2. Potential up front. The Jaguars’ offensive line hasn’t drawn quite the attention of the quarterback position, but it’s a critical area this offseason. The unit allowed 51 sacks last season, and the run offense – partly because of the absence of Maurice Jones-Drew – stumbled from its 2012 form. The line will look different next season, but how different remains to be seen. One change will be in approach, with offensive line coach George Yarno expected to install a scheme that emphasizes zone-blocking more than former line coach Andy Heck did. How zone-blocking heavy will the scheme be? That remains to be seen, with Yarno saying last week the reality is every team runs some element of the scheme. “We’re going to run the zone play, we’re going to run the power play, we’re going to run all the plays other teams run in the NFL,” Yarno said. “It really is an NFL offense with zone plays, inside-outside zones, and downhill cylinder run, gap plays, whatever you want to call those, power plays. It will be a mixture of all that. . . . The zone plays, everyone runs the zone play. They may call it something else, but it’s what it is.” How the personnel will change also remains to be seen. Left tackle Eugene Monroe and guard Uche Nwaneri are expected to return and seem likely to start. Mike Brewster likely will play a role, and could either move to center or compete at left guard, where 2011 starter Will Rackley is returning from an ankle injury that kept him out all of last season. The future of center Brad Meester, a 13-year veteran who is scheduled to become a free agent on March 12, remains uncertain. Right tackle is also an uncertain area, with Cameron Bradfield losing his starting job late last season. The team could address that area in the draft or in free agency. “Sometimes change is a good thing,” Yarno said. “Looking at things a little differently, doing things a little differently, sometimes the players will respond to that and respond quicker and maybe develop in a different direction. Hopefully we can get the most out of them.”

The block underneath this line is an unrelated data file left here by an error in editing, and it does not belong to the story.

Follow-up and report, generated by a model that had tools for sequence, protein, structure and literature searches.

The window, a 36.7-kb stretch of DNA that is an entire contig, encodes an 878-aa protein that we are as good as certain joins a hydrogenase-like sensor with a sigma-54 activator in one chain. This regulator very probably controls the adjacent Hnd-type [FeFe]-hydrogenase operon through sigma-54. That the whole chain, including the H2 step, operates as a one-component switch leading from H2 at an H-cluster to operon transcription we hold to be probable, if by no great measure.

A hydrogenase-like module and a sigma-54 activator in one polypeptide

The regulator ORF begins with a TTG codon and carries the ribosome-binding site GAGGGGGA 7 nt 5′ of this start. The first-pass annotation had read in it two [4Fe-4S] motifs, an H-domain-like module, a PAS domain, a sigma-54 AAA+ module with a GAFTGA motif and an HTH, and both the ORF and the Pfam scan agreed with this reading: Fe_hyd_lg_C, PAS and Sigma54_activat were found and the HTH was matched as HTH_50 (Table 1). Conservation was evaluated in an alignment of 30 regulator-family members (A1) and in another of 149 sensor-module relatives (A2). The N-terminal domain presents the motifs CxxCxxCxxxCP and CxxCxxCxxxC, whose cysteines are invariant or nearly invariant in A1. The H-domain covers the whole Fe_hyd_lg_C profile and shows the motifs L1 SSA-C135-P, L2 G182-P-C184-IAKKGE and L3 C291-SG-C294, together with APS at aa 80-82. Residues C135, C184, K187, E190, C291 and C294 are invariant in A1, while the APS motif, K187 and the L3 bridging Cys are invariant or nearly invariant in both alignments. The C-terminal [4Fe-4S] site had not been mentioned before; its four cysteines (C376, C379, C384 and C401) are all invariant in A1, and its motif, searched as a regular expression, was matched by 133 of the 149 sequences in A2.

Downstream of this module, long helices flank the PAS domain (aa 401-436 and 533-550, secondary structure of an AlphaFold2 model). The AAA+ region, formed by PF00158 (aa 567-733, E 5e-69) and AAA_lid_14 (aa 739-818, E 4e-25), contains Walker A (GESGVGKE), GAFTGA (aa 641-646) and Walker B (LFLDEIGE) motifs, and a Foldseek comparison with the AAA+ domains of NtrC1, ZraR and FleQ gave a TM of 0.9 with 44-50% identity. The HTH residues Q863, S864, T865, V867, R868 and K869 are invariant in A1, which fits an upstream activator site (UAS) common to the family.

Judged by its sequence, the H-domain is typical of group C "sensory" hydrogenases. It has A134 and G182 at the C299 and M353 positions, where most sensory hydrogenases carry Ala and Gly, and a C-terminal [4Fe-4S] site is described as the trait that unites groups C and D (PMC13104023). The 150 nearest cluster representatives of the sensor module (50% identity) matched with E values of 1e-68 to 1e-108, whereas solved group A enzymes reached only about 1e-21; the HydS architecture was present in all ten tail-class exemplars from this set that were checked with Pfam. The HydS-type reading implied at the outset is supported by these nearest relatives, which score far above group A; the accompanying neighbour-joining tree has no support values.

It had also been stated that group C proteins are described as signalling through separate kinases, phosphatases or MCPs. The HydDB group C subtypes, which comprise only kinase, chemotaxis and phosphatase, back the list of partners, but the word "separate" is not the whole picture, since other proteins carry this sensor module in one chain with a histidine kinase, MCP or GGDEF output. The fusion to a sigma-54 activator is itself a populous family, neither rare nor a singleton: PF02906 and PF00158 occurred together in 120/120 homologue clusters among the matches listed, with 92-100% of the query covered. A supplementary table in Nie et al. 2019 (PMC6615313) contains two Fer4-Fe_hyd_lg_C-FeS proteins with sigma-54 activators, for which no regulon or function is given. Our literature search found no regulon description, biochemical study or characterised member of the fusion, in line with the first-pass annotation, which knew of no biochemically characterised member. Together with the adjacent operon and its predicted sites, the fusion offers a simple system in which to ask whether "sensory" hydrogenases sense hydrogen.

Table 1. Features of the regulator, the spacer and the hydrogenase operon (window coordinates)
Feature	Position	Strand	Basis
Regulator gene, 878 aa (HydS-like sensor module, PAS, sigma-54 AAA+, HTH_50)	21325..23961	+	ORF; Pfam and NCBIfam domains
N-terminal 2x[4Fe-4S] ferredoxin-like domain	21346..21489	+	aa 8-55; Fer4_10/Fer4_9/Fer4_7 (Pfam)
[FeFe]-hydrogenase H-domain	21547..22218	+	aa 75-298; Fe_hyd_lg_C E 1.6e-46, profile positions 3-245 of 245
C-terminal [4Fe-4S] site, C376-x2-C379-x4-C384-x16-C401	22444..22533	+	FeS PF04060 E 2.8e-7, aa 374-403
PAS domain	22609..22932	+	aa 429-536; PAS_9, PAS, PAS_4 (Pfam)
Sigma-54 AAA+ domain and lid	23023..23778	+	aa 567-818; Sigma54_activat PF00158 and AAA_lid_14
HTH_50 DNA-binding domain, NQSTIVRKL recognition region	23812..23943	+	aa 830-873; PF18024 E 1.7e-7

1. Earn means earn. We’ll end this Fab Four with a word, yes, on the quarterback position. Much has been made about the team’s public comments regarding Blaine Gabbert, particularly quarterbacks coach Frank Scelfo saying if Gabbert were in this year’s draft he likely would be the first quarterback – and perhaps the first player – selected overall. What’s important to remember about those comments is that not only is it still mid-February, but that none of the comments mean that Gabbert is being given the starting job entering the fall. The Jaguars still are going to use the draft and possibly free agency to look for quarterbacks, with the idea of creating competition to find the best player for the position next season. That player could be Gabbert if he earns the position, or it could be someone else. Scelfo’s comment that he has no preconceived idea about Gabbert probably explains the organization’s stance the best. What Gabbert did his first two seasons isn’t going to influence the decision for better or worse. If he deserves to start, he’ll start, but he’s going to have to deserve it.